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Monday, July 13, 2015

Savoy Mountain State Forest(Northern Berkshires)

Covering over 10,000 acres in the northwest corner of Massachusetts, Savoy Mountain State Forest offers over 50 miles of trails as well as many different recreational opportunities in a remote wooded setting.  I've visited several times in the past and even had a close encounter with a black bear here a few years ago, so I know that this can be a truly special place.
 I first set out to hike the Busby Trail, which climbs 1.3 miles northwest from Central Shaft Road to 2,566 foot Spruce Hill.  The trail is more of a jeep road than a foot trail, with deep ruts and mud everywhere.
 The trail crosses under powerlines two different times within the first half mile.
Following the powerlines steeply north and east.
 Re-entering the woods after the powerlines, following the blue blazes.
 A typical section of the trail through deep woods.
An old farmstead cellar hole offers a glimpse into the past.  This farm was from the 19th and early 20th century before the state purchased the land.
 Rock walls line the woods, marking old land boundaries.
A steep, rocky section near the top.
 Another stiff climb.
 After 1.3 miles, and climbing nearly 700 feet, you arrive at the rocky summit.
Unfortunately, it was very humid and hazy, obscuring views of the Hoosac Valley below.
 Nearby rolling peaks to the south and east.
 The terrific panoramic views from Spruce Hill.
 I had really worked up a good sweat in the sweltering heat, so took my time hydrating and soaking in the views towards the Greylock Range.
 After finally leaving the summit, I retraced my steps back down the Busby Trail.  I noticed this sign along the way, but luckily didn't have any troubles with ice today.
 Completed the 2.6 miles RT before heading further east into the State Forest, along Central Shaft Road.  My next stop was the Haskins Trail, which leaves east from Central Shaft Road towards Bog Pond.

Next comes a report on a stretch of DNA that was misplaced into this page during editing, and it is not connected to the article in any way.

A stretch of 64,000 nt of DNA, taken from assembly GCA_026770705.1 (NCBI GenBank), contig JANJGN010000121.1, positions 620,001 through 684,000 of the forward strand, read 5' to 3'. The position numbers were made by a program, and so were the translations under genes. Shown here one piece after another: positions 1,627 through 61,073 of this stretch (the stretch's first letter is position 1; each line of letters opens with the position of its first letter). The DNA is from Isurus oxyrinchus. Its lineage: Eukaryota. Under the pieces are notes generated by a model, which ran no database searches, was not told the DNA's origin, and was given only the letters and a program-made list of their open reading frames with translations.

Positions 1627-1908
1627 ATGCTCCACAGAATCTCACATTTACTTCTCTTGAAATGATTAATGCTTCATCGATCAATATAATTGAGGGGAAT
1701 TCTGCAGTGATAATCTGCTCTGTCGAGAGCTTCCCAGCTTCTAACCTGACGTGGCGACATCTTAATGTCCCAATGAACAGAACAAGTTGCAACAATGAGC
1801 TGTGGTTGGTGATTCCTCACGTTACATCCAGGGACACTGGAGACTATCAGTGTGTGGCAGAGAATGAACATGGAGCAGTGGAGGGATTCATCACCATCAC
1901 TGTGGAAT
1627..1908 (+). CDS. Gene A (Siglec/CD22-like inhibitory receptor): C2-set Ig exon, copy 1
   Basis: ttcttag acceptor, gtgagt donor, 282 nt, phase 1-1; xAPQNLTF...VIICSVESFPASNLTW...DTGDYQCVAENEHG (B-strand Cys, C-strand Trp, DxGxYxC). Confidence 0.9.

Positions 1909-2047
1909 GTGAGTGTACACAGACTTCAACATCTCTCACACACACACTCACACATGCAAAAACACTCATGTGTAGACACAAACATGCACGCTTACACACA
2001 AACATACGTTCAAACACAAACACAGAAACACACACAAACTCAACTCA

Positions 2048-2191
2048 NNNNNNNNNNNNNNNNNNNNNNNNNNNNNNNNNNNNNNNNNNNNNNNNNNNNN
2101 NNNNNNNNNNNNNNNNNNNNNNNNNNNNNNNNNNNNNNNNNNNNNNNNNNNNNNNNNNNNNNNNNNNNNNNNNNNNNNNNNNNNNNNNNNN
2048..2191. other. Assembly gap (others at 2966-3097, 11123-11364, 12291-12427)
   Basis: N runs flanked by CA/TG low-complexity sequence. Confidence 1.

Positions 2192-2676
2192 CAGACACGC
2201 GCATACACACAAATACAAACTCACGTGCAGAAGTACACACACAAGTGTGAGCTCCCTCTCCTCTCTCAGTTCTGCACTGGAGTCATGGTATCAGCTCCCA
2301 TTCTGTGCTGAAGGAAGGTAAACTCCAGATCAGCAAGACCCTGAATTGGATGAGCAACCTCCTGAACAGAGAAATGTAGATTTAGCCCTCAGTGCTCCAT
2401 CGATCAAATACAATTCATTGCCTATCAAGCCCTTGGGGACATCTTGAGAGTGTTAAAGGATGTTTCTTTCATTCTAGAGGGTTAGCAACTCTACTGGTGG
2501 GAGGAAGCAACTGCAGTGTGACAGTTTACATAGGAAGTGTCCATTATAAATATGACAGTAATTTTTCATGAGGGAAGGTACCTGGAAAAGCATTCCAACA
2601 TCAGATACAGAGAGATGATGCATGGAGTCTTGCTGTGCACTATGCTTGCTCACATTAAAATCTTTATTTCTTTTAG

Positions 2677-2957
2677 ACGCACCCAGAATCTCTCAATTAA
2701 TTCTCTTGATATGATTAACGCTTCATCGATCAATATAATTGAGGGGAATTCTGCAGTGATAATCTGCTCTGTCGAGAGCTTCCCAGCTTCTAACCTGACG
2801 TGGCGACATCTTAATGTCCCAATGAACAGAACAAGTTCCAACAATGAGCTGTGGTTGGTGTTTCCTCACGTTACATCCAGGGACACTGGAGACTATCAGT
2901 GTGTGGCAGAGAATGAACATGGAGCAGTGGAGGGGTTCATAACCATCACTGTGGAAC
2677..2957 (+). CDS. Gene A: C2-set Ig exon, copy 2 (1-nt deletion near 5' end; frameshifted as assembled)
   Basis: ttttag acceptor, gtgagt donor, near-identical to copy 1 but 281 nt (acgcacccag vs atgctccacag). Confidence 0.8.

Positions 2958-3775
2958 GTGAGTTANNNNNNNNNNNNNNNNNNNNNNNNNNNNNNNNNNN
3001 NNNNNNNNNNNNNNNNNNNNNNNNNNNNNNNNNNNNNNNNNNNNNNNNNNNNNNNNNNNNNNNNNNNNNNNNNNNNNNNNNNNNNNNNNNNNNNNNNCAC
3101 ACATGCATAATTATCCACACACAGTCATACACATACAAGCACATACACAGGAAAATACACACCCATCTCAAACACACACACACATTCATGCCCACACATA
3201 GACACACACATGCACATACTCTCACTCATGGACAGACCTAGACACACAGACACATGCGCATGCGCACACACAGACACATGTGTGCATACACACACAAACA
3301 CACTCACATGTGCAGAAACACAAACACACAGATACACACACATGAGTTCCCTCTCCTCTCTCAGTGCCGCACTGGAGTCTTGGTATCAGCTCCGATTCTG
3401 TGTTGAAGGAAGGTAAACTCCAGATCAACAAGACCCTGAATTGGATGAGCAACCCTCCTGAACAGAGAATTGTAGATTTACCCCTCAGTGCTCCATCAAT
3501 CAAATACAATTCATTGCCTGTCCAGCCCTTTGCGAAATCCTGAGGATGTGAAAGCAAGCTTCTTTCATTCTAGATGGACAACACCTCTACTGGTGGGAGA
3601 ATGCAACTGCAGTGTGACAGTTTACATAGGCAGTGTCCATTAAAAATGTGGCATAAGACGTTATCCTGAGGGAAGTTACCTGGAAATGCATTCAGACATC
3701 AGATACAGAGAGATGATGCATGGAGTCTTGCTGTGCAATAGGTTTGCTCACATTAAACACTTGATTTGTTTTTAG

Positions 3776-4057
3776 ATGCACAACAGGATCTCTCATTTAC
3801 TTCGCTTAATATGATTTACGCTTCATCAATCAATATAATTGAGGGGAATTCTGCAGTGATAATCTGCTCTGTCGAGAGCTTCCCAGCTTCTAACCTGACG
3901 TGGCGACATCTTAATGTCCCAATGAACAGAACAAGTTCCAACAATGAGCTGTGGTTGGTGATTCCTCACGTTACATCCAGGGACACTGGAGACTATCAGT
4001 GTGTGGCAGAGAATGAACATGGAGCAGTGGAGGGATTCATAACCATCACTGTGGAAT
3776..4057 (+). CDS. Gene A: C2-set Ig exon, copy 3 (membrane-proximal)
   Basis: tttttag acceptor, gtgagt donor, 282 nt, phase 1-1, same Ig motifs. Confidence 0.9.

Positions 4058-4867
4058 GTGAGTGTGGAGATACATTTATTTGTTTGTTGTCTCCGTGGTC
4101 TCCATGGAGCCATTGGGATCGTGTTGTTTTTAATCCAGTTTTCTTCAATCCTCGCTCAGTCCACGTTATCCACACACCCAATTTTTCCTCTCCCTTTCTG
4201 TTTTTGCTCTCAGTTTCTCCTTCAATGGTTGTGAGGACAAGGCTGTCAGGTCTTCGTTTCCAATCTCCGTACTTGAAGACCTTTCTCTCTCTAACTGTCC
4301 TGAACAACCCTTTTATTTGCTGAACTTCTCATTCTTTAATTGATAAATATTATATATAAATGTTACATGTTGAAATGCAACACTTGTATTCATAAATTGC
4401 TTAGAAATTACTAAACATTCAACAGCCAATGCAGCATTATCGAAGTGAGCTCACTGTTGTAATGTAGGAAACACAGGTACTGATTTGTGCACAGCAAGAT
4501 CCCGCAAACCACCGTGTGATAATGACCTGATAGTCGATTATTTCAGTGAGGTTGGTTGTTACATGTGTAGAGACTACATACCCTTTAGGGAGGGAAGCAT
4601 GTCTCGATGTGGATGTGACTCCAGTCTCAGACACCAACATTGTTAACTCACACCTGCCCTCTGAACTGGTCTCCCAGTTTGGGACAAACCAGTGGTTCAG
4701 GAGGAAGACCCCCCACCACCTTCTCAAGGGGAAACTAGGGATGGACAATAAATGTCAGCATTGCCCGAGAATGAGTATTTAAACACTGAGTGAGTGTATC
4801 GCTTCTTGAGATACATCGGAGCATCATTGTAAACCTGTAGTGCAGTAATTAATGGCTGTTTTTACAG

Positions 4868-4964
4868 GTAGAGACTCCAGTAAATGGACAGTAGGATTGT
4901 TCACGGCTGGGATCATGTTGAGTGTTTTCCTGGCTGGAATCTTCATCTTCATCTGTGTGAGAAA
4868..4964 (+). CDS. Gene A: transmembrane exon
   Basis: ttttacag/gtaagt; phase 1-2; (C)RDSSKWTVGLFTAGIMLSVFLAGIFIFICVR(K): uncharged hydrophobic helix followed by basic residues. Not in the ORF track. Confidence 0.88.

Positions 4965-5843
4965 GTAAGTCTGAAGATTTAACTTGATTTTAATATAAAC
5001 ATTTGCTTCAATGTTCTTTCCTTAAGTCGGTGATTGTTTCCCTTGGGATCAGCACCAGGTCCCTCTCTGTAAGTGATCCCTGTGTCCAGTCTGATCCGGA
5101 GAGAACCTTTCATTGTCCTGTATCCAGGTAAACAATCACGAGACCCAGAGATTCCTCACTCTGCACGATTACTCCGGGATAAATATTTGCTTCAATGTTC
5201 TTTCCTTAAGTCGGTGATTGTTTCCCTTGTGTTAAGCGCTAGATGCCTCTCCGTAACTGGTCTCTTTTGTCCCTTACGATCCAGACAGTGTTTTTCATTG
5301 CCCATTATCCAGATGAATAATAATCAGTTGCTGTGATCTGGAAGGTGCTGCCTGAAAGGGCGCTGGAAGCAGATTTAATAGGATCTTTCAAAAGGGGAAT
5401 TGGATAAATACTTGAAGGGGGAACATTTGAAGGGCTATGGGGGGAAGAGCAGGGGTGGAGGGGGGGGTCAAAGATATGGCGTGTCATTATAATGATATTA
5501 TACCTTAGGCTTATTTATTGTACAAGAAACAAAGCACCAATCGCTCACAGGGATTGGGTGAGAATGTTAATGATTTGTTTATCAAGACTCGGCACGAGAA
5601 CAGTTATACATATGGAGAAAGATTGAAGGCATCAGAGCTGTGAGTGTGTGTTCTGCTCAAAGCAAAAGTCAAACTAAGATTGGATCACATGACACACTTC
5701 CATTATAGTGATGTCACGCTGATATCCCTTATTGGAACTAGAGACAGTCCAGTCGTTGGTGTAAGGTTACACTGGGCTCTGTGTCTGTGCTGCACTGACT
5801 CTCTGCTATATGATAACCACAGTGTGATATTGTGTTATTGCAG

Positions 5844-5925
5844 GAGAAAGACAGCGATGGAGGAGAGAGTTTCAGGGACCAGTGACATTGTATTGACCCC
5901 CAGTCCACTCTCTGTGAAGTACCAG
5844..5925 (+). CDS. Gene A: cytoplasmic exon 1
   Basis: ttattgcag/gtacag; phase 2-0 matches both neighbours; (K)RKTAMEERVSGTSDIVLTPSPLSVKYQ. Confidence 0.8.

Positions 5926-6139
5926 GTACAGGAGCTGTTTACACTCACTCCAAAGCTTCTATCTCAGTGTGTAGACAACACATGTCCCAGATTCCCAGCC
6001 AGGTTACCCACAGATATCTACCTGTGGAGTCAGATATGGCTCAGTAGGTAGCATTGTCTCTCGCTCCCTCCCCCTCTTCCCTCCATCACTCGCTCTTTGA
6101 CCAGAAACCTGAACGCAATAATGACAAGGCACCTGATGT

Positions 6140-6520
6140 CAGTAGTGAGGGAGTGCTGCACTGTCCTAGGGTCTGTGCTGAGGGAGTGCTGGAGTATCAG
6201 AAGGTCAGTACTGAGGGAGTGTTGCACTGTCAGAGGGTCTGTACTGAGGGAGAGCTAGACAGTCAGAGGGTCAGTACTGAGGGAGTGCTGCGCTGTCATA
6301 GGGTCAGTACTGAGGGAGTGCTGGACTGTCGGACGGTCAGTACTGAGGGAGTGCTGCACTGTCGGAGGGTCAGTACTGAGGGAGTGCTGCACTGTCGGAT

A small, meandering stream along the Haskins Trail.
 After about .25 of a mile, the Bog Pond Trail breaks away from the Haskins Trail and heads directly towards the pond.
There are several scenic vistas of 40 acre Bog Pond along the way.
 Bog Pond is found at an elevation of 1,858 feet and was dammed up in the 1800s to supply power for mills downstream.
 The trail closely follows the north shore of the pond nearly the entire length.
 Geese.
The outlet flowing over the dam.
 Retraced my steps back to the car, completing the 1.5 mile RT hike.  I then stopped at Burnett Pond, yet another of the wild and scenic ponds in the State Forest.  Burnett Pond can be reached via a short trail off of gravel New State Road.
 After finally leaving Savoy State Forest, I drove a little south to Windsor State Forest, which is now unstaffed and unmaintained but still open to the public.  It is a bit eerie walking amongst the empty campgrounds but the beautiful Westfield River flows throughout the forest.
 I followed some informal paths down to the river from the now unoccupied campsites, rock hopping along the way downstream.
What a great day!  Hiked a bit over 4 miles today throughout the remote woods of the Northern Berkshires.

2 comments:

  1. Next time you are at Windsor State Forest check out Windsor Jambs. Great place after a heavy rain.

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    Replies
    1. Sounds great! Thanks for the heads up!

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